cute and cuddly or vicious killers?
When most people think of rabbits they think of cute and cuddly little critters, and story characters such as the mischievous Peter Rabbit.
And then there’s this poor pet rabbit in The Lost Princess who gets thrown at the king and queen in a fit of rage by their badly behaved daughter, Rosamund. This is an illustration I did of the terrible deed. Rosamund is then whisked away by the wise woman to learn how to be a better person. I’m sure most parents wish at some point a wise woman would show up at their house and do the same. Probably my parents did.
But when I think of rabbits, I think, first of all, of Peter and Penelope, a brown and black rabbit respectively that I had when I was around nine years old. Now, let me just say, I would never harm an animal. I would never throw my rabbit at my parents, for example. That Princess Rosamund was a truly horrible little girl!
I brought my rabbits home from the pet store so excited to have them. All was fine when they were little. But then, they began to grow older.
Now, the pet store worker had assured us that one rabbit was male and one was female. I wasn’t sure why this mattered, but I was soon to find out.
The day came when these two cute and docile rabbits turned from cute little babies into rabid teenagers. They started fighting with increasing ferocity until they started to badly bite each others and draw blood. My dad had to separate them–wearing protective gloves. Once apart, they were fine.
Well, it appeared we’d been sold two male rabbits. Wait, so that’s what guys do to one another? Pretty much, yep. Wars and all of that, you know? Wars over territory. Thank goodness we hadn’t had one female and two males. Now that would have been something. Think Troy.
In fact, later, when my own daughter was around ten, she convinced me to get her a puppy and a rabbit. One rabbit and one dog, what could go wrong? A lot.
Because, the puppy was a female and the rabbit was a male. Why would that matter, you might ask, and that’s a very good question.
Next thing I knew, the rabbit started guarding that puppy–which was a German Shepperd and maybe five times the size of the rabbit. No matter. The rabbit thought he was ten feet tall.
At first it seemed kind of cute. The rabbit followed the dog everywhere, and sat right next to it like a sphinx when the dog slept. But then, the rabbit began to grow more and more possessive. And aggressive. You dare want to pet the dog. No way. You want to even come near the dog? Absolutely not. It got to the point where anyone who even looked like they might approach the dog was viciously attacked.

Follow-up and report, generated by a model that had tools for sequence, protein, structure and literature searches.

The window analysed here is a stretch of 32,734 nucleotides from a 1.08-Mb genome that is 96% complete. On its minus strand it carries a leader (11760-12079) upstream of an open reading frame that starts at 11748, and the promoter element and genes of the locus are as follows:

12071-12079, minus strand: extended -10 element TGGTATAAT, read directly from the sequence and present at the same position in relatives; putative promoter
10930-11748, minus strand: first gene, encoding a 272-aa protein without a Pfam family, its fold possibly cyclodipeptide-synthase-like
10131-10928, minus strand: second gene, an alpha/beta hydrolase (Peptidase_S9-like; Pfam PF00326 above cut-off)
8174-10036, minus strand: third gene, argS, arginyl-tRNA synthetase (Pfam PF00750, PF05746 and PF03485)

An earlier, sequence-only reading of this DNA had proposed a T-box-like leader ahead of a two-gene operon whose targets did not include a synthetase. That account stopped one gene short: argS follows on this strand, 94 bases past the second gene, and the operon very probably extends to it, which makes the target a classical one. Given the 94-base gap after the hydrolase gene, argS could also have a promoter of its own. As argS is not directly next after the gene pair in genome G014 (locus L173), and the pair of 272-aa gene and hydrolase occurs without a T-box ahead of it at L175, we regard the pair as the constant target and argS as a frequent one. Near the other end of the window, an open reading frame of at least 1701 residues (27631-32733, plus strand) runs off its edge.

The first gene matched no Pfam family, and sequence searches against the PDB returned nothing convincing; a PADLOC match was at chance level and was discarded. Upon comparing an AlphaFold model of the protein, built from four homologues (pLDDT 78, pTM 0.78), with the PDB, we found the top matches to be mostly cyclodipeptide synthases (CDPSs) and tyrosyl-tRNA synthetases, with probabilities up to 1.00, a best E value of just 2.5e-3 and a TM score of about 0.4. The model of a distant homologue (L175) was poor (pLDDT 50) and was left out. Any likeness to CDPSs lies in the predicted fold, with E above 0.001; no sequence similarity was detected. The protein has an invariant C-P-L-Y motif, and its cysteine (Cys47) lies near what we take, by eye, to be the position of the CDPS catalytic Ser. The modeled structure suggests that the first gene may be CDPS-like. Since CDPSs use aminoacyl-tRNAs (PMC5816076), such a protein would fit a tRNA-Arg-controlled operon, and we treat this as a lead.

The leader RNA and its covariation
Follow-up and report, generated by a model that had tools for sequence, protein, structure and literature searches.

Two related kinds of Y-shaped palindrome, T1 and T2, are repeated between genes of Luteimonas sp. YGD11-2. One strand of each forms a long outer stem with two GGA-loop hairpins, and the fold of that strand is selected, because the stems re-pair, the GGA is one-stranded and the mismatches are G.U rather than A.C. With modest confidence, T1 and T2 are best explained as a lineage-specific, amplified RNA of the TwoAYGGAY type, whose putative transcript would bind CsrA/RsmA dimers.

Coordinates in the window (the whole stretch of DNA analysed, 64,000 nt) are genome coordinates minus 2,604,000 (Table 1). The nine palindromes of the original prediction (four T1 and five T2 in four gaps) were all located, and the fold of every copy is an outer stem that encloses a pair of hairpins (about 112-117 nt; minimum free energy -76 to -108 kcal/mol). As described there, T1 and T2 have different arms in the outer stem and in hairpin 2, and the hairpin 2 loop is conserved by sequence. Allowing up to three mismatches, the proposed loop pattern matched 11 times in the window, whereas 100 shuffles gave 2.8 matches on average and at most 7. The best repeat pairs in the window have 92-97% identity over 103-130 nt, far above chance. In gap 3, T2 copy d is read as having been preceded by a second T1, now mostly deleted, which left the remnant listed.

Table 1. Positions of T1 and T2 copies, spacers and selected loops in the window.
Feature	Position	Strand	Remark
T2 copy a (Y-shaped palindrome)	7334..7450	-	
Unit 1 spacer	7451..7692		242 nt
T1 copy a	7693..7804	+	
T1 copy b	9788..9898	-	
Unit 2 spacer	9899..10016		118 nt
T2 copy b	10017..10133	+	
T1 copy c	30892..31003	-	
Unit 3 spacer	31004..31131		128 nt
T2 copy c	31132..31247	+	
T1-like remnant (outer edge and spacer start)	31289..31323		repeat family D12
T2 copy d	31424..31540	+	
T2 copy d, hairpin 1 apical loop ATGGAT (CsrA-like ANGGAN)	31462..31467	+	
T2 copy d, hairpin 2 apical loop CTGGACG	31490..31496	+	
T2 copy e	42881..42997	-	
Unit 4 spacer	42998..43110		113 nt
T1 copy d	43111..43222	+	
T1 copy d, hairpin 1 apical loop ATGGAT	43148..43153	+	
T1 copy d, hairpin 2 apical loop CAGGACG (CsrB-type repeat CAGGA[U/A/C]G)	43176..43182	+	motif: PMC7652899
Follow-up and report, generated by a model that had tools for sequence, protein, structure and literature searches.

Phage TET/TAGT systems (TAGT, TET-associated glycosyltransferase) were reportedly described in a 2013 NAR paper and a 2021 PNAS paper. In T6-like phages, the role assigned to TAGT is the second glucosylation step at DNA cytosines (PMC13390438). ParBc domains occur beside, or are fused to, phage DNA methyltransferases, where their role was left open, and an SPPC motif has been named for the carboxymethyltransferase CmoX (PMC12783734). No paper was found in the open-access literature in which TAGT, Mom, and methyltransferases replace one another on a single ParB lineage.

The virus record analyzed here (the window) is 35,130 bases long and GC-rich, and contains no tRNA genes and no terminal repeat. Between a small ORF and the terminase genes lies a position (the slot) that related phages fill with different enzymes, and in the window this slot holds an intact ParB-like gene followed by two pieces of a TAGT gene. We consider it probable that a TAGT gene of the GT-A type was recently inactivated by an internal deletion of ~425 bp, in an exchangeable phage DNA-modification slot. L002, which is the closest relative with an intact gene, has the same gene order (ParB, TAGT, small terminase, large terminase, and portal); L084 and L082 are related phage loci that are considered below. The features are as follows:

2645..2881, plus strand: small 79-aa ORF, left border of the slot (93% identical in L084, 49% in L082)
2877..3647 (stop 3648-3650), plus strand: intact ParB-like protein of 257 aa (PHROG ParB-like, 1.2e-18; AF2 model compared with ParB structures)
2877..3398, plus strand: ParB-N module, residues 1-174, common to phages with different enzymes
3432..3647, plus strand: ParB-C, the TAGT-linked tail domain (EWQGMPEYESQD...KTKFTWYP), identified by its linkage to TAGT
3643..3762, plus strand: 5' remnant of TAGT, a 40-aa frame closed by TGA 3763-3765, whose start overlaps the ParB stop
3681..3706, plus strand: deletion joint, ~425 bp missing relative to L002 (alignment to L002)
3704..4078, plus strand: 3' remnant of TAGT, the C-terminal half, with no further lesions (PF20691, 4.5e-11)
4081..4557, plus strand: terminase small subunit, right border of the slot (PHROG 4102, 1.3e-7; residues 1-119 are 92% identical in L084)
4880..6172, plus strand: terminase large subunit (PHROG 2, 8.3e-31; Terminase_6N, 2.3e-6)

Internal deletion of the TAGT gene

I mean, forget guard dogs. Get a guard rabbit!
I had to put on protective gloves and boots if I wanted to get near the dog. The rabbit would even jump. Scary!
Then, it started spraying all around the dog’s house, on the dog, everything. Gross! I had a hard time explaining that one to my daughter. She just wanted her dog back. But the rabbit was now a sex crazed maniac, thinking it could impregnate the dog. Embarrassing to watch. Plus, we had been assured this rabbit had been “fixed” mind you.
I guess the lesson here is, NEVER believe the people at the pet store!!!
One day I ventured forth with protective gear and captured the rabbit and took it away. By that point, I was the author of the children’s book series The Rumpoles and the Barleys about two adorable mice families. My older brother jokingly threatened to tell my fans about my treatment of the rabbit. What about the rabbit’s treatment of us? But who would believe such a cute little thing could terrorized us big humans? Finally, one day, my dad came to the rescue again. He captured the rabbit and let it go into the wild. I am pretty sure it did fine. Probably became to terror of any animal who crossed its path. Or maybe it found a female and fell in love and got rid of all its aggression.
But I digress. Back to when I was little and my first traumatic rabbit tale. So now, I had two rabid rabbits who couldn’t play together, nor could I play with both of them at once and it just wasn’t fun anymore.
But, being a somewhat mischievous kid myself and also thinking I was a bit of a scientist (I once dissected a rattle snake my dad had killed, cleaned the insides and stuck them on paper and labeled them all. Then invited all the neighbor kids to my “Natural History Museum” to view it–for a fee, of course) anyway, I got the idea to tie a rope around the necks of each rabbit and put one on each end of the garden. There, they could eye each other, like two boxer in a boxing ring, as they strained and struggled to get lose.
I instructed my best friend, who was holding the other rabbit, that we’d let go of them at the same time. (My poor long-suffering friend. I’d wanted her to help me dissect the snake but she had refused and thrown up instead).
One. Two. Three. Go!!!
I made sure the ropes were just long enough so the rabbits would run at each other and be stopped short, one inch from each other’s noses. There they would stay, snarling and baring their teeth and flexing their claws, straining to reach each other, but they couldn’t.
I don’t know, as a ten year old kid, I found it entertaining.
Needless to say, my mom didn’t. She’d had enough and said I had to give one away. I parted with Penelope, feeling irrationally that she/he had somehow betrayed me by pretending to be a female, which of course hadn’t been her fault but the fault of the guy at the pet store.
No, I wasn’t your “normal” girl child. It’s no surprise I ended up a kickboxer and a writer. And now I think Watership Down is a more accurate account of rabbits. 😏